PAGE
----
Nichrome is basically a name given to nickel-chromium resistance wires. It is a non-magnetic alloy, which consists of 80 percent nickel and 20 percent chromium by weight, and is widely used in heating elements because of its relatively high resistivity. Out of the constituents of nichrome, nickel is an element with the chemical symbol Ni and atomic number 28, whereas chromium is an element with the symbol Cr and atomic number 24. Nickel is generally a silvery-white lustrous metal, and chromium, a steely-gray and hard metal. Nichrome, the alloy, is silvery-gray in color, resistant towards corrosion, and has a high melting point.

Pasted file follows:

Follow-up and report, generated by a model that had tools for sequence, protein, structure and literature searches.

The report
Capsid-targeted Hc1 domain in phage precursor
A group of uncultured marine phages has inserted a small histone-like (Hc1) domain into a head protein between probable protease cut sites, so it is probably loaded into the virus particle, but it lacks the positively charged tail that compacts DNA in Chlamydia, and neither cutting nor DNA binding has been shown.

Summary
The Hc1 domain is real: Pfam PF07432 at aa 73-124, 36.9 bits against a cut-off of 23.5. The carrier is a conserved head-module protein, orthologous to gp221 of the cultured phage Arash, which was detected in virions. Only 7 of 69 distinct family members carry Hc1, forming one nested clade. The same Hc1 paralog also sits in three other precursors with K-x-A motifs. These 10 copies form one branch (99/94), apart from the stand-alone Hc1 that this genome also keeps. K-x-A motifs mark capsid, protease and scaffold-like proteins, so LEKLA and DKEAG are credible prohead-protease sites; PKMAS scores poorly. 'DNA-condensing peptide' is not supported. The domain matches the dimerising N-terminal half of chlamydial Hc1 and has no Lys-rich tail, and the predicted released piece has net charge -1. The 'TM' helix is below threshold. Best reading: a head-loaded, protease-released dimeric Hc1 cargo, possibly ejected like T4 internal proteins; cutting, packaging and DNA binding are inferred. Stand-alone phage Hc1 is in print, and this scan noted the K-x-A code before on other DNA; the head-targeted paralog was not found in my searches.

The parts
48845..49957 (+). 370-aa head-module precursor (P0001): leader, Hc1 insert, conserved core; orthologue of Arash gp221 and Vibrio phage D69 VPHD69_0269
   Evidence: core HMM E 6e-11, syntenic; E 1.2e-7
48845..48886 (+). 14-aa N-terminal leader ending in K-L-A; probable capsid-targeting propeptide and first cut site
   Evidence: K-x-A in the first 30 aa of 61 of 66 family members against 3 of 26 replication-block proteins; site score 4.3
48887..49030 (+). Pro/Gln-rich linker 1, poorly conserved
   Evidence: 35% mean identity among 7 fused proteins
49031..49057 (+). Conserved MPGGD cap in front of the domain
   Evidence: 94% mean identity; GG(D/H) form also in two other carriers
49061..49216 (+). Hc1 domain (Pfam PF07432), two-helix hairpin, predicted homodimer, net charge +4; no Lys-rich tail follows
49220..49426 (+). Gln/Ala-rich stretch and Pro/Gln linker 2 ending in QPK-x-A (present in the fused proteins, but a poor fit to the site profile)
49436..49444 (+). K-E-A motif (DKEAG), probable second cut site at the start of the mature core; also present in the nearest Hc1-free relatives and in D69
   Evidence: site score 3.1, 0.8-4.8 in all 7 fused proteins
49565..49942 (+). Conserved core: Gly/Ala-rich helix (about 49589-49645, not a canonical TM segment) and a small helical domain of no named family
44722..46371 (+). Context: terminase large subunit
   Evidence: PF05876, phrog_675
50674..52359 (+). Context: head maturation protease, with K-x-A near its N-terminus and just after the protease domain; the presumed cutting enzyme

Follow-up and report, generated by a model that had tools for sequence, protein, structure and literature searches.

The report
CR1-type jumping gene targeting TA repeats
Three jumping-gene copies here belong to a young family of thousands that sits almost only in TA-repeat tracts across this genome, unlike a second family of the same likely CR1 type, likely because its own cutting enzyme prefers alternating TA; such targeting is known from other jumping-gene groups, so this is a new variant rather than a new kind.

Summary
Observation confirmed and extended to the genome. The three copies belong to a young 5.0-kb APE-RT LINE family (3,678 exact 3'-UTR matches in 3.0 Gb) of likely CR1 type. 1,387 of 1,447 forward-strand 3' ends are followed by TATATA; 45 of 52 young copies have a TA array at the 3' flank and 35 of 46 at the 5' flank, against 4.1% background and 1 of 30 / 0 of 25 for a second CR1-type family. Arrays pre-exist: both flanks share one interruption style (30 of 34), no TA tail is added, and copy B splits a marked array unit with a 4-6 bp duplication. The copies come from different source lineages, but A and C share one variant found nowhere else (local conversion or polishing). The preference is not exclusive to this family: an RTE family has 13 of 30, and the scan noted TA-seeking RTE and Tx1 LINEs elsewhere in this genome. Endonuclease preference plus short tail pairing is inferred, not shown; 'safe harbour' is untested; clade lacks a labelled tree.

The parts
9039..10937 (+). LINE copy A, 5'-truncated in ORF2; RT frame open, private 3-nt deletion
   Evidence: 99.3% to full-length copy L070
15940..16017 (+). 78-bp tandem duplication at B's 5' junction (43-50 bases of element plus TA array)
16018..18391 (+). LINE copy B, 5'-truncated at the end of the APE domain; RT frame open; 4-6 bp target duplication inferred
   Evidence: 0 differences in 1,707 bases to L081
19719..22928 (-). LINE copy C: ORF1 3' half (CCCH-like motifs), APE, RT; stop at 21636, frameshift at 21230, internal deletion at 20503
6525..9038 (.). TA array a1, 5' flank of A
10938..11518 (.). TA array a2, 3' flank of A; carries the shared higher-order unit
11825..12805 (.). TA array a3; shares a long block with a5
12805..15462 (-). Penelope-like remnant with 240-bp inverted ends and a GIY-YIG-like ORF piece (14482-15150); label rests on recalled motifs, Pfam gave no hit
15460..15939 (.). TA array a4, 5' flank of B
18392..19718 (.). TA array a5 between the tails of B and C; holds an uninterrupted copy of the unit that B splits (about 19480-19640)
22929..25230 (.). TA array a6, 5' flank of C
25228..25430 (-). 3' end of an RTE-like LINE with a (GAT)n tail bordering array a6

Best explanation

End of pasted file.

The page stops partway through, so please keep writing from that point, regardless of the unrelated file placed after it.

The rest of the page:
It is used in the explosives, fireworks, and ceramic making industry, as a heating element. The alloy is very useful in the process of ceramic making, as it can withstand the high temperatures that are generated when a clay object is fired in a kiln. It is also used in motorcycle silencers and in certain microbiological lab apparatus. The chromium present in the wire oxidizes on being heated, and forms a protective layer of chromium oxide. The alloy is expensive because of its high nickel content.
Nichrome is a very useful alloy because of its properties, and has found applications in many instruments which require high resistivity of the constituent material.